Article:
Amanda Craig has been longlisted for the Women’s Prize for Fiction for The Golden Rule. We asked Amanda about the theme of female resilience, a strand that runs through her longlisted novel, and how resilience appears in some of her favourite fiction by women.
Heroines need resilience in so many aspects of life and here I wanted to cover five different arenas explored by contemporary women writers.

Imprisonment. This features strongly in women’s lives, whether heroines are locked up in lunatic asylums (Sarah Waters’ Fingersmith) prisons (Sara Collins’ The Confessions of Frannie Langton) a dystopian patriarchy (Margaret Atwood’s The Handmaid’s Tale) or just some kidnapper’s shed. Emma O’Donoghue’s Room, an account of the latter, is viscerally powerful. Told through the eyes of the heroine’s little son (himself the product of rape) it is a deeply affecting and ultimately uplifting account of how courage, cleverness and love save them both.

Bad Relationships. Abuse, coercive control and treachery, whether in families (Helen Dunmore’s 1996 Women’s Prize winner A Spell of Winter), relationships (Candice Carty-Williams’ Queenie) or motherhood (Lionel Shriver’s 2005 Women’s Prize winner We Need to Talk About Kevin) are often central to women’s need for resilience. One of the most powerful accounts of all, Elena Ferrante’s Days of Abandonment, depicts a betrayed wife and mother trying to cope alone with her children in a boiling hot flat and is so searingly vivid that it almost blisters your eyes.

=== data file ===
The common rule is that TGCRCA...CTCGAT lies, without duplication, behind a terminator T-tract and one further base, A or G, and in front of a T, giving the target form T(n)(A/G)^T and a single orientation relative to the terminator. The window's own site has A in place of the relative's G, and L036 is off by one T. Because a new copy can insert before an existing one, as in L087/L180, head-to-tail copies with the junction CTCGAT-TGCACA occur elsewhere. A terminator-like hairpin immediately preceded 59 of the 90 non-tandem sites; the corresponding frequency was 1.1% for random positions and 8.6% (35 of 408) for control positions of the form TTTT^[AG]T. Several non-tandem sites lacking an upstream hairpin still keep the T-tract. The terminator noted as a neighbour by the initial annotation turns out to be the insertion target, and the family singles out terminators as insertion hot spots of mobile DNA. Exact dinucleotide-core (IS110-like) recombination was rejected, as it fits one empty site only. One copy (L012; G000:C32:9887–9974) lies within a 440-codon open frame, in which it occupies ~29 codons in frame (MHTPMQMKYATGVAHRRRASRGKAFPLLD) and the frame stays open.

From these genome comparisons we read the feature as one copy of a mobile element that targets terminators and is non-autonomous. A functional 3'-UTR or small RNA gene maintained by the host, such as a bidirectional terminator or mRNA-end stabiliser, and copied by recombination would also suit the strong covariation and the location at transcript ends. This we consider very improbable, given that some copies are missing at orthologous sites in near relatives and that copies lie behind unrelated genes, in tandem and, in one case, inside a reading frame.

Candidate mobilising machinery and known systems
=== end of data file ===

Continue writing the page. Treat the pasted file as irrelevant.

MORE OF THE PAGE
Work. For women writers, the struggle to earn a living is often intertwined with professional endeavour, prejudice and overwhelming anxiety. Penelope Lively’s dying writer in Moontiger, AS Byatt’s Victorian poet in Possession and Olivia Sudjic’s Sympathy are all iterations of these problems. One of the best, and funniest, is Meg Wolitzer’s The Wife in which a woman married to a Nobel Prize-winning author who gradually reveals herself to be far less passive and more creative than is widely assumed.

War. Women supposedly ascribe to flight not fight, yet the number of fictional heroines embroiled in wars is rising. Helen Dunmore’s resourceful mother in Exposure, Jane Thynne’s counterfactual, book-obsessed Widowlands in Nazi-occupied Britain and Sarah Hall’s exhilarating all-female Carhullan Army all imagine female involvement in action. Edna O’Brien’s spare, heart-rending Girl is the opposite to these, inspired by the real-life kidnap and rape of Nigerian schoolgirls by Boko Haram, and a masterpiece.

Old Age. We need to celebrate becoming crones, liberated from embarrassment and convention like Jane Gardam’s Crusoe’s Daughter, Elizabeth Strout’s Olive Kitteridge and Alison Lurie’s Vinnie in Foreign Affairs. Of these, Lissa Evans’ ageing Suffragist Matty in Old Baggage is a particularly captivating, maddening and robust heroine from the moment she brings down the thief who has stolen her handbag on Hampstead Heath.